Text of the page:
Detective Senior Sergeant Dave Miles confirmed this afternoon the two young boys had been found in a small, cutaway area in the river "only a couple of metres from each other".
"From the recent flood events, it's quite deep and quite a steep bank and there's a lot of vegetation there," Sen-Sergeant Miles told reporters.
"Given the young age of these boys it's extremely trying for everyone. We have a very difficult job to do. The officers who found them were visibly affected by it and they'll be supported by Queensland Police."
Their mum took to Facebook a final time at 9am this morning to thank everyone for their condolences.
"Going offline for about 20 minutes. KC and I just need to recoup for a minute," she wrote.
It's understood the boys would often play in Cranbrook Park and in the river.
Members of the public later told police they'd spotted the boys happily playing on the banks of the river before something went wrong.
"Where they'd been jumping in swimming, it's quite deep and it's got a steep bank and there are weeds and other debris in that area," Sen-Sergeant Ian Wilkie told Sunrise.
"They looked like they were having fun and it's turned to tragedy."
Sen-Sergeant Dave Miles said the boys' death was being investigated simply as a "tragic set of circumstances".
"We don't know what's caused them to become caught up in the water but it could be as innocent as harmless play that's had tragic consequences," he said.
Police are offering support to Cranbrook State School, where Barak had attended.
Ros said the loss of her niece's two sons was unfathomable.
"There are no words to describe how the mum and family are feeling. Completely gutted," she wrote on Facebook.
Leeann called her when she was advised the search had found the eldest child.
Townsville Aboriginal academic and activist Gracelyn Smallwood said there was deep shock in the city's indigenous community.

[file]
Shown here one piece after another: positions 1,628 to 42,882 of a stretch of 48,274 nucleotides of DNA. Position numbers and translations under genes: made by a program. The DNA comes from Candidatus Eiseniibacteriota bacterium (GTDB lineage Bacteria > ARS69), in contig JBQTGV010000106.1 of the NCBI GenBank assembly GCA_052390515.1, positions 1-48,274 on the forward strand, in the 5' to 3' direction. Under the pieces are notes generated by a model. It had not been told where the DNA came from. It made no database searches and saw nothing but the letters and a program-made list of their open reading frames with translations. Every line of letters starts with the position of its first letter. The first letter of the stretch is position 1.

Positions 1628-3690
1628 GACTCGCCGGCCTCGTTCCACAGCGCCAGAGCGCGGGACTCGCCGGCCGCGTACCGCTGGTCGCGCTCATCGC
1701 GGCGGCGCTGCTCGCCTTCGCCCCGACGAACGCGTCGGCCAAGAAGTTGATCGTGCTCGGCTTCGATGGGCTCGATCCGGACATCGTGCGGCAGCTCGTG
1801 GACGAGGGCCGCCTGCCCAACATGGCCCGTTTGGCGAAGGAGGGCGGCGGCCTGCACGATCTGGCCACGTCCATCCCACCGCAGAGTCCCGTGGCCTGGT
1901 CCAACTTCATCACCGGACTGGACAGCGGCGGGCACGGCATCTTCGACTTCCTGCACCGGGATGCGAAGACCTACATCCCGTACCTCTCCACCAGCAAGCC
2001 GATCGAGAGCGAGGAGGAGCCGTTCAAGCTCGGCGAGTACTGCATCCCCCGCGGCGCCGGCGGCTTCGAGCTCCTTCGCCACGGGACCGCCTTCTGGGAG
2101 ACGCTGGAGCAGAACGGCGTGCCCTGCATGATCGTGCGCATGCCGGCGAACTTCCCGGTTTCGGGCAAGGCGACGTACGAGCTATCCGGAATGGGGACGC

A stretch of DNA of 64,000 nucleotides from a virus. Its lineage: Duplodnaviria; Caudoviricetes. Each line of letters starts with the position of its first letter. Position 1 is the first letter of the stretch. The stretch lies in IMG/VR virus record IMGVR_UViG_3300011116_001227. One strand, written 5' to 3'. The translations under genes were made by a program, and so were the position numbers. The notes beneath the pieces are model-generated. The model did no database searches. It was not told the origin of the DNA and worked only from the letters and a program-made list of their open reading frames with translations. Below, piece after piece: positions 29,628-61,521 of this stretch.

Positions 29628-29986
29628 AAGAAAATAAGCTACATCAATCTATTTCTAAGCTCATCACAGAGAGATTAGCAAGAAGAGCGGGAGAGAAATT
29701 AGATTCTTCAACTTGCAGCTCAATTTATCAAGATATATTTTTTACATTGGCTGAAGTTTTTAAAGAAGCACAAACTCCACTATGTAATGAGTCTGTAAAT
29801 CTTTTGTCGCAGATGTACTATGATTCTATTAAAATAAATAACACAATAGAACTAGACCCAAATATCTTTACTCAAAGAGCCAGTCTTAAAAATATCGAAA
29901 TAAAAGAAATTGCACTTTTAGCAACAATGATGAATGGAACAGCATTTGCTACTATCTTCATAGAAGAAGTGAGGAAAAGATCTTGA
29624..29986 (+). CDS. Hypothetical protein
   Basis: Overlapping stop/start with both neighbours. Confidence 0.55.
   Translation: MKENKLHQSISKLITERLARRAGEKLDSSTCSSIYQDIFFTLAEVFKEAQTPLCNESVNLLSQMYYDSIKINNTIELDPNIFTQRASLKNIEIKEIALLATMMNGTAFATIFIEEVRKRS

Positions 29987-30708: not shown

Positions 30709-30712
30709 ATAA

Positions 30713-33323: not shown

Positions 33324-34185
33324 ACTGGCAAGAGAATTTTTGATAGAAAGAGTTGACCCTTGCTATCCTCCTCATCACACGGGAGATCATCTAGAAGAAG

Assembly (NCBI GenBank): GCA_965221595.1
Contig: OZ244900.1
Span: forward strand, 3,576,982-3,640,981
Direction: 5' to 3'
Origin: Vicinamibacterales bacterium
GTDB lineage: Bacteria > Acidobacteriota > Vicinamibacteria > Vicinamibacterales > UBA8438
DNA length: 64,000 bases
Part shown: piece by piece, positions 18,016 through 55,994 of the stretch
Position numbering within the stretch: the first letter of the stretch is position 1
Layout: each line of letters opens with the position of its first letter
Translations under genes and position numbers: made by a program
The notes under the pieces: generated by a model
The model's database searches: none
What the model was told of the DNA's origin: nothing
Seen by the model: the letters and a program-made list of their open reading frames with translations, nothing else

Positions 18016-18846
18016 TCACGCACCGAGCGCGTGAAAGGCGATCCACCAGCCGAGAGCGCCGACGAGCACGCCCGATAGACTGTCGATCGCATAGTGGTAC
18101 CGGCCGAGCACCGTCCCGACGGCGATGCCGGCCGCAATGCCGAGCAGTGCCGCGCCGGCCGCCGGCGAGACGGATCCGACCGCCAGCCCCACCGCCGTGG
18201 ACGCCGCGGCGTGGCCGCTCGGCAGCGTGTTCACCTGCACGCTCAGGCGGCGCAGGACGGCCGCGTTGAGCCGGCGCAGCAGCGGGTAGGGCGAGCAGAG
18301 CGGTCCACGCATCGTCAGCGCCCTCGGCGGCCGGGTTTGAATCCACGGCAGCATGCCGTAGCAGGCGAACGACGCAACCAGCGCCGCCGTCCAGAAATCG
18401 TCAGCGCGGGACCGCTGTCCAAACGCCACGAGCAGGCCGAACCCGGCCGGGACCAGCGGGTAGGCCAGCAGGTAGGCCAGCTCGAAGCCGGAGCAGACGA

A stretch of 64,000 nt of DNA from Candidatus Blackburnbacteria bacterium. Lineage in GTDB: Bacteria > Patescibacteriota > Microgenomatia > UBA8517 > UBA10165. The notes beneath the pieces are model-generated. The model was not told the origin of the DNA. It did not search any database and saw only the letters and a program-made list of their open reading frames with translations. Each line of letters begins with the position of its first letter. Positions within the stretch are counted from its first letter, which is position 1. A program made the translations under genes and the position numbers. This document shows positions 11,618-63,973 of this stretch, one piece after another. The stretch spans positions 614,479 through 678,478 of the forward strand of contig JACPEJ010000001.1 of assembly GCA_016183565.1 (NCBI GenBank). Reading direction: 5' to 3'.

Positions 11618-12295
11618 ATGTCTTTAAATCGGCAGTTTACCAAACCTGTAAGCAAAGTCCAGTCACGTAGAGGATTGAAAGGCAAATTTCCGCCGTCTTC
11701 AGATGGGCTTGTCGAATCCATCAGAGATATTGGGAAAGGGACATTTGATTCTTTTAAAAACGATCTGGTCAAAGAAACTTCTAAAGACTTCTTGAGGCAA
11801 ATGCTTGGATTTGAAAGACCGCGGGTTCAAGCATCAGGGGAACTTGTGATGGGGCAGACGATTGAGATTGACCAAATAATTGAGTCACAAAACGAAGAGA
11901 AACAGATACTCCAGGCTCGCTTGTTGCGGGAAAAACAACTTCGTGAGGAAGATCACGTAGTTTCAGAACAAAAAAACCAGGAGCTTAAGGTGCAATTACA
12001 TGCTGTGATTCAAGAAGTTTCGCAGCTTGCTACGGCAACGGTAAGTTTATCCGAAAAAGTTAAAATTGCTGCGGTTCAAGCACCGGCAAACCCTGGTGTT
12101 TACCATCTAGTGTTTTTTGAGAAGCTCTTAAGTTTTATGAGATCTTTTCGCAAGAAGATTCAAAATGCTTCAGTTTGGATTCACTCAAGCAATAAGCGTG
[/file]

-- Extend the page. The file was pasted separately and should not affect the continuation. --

"Townsville's had such a tragedy with the floods and we're just coming to terms with so many of our people in town losing property," she told the ABC.
"But nothing can take the place of this terrible loss, of two little innocent children who regularly come and play in the park."
Premier Annastacia Palaszczuk said the boys set off an adventure and didn't come home.
"In the last month the people of Townsville have had to endure a lot of heartache and wrenching despair — and now, they must endure more," she said.
In a press conference this afternoon, Superintendent Steve Munro said the boys' death was another tragedy the north Queensland community would mourn.
"This has a significant impact on anyone in the community, we all sort of walk our own personal journeys but when you see two young lives lost in such tragic circumstances, it has an impact on us and it has an impact on us all," Superintendent Munro said.
"In particular, our deepest condolences go to the family but also the broader community who are recovering from the recent flood events, it's a tragic set of circumstances.
"We can't thank everyone enough who got out of bed and helped … but unfortunately the outcome is not a very positive one for anybody."
Sen-Sergeant Wilkie thanked the community for helping with the search but said "unfortunately, it wasn't meant to be".
"We were hearing stories of dozens and dozens of people searching in various areas, going and buying batteries for torches," he said.
"We do thank them for their assistance in this but unfortunately it wasn't to be."
One local told the Townsville Bulletin she hadn't been able to sleep knowing they were out there alone.
"I've been out here for about an hour and a half," one woman told the publication last night.
"Police came and knocked on my door and asked us if we had seen any children and could they check the perimeter of the house.
"They showed us photos of the children — a three and a five-year-old.
"Being a grandmother I have a five-year-old grandson. I couldn't go to bed and sleep on it so I got out and helped."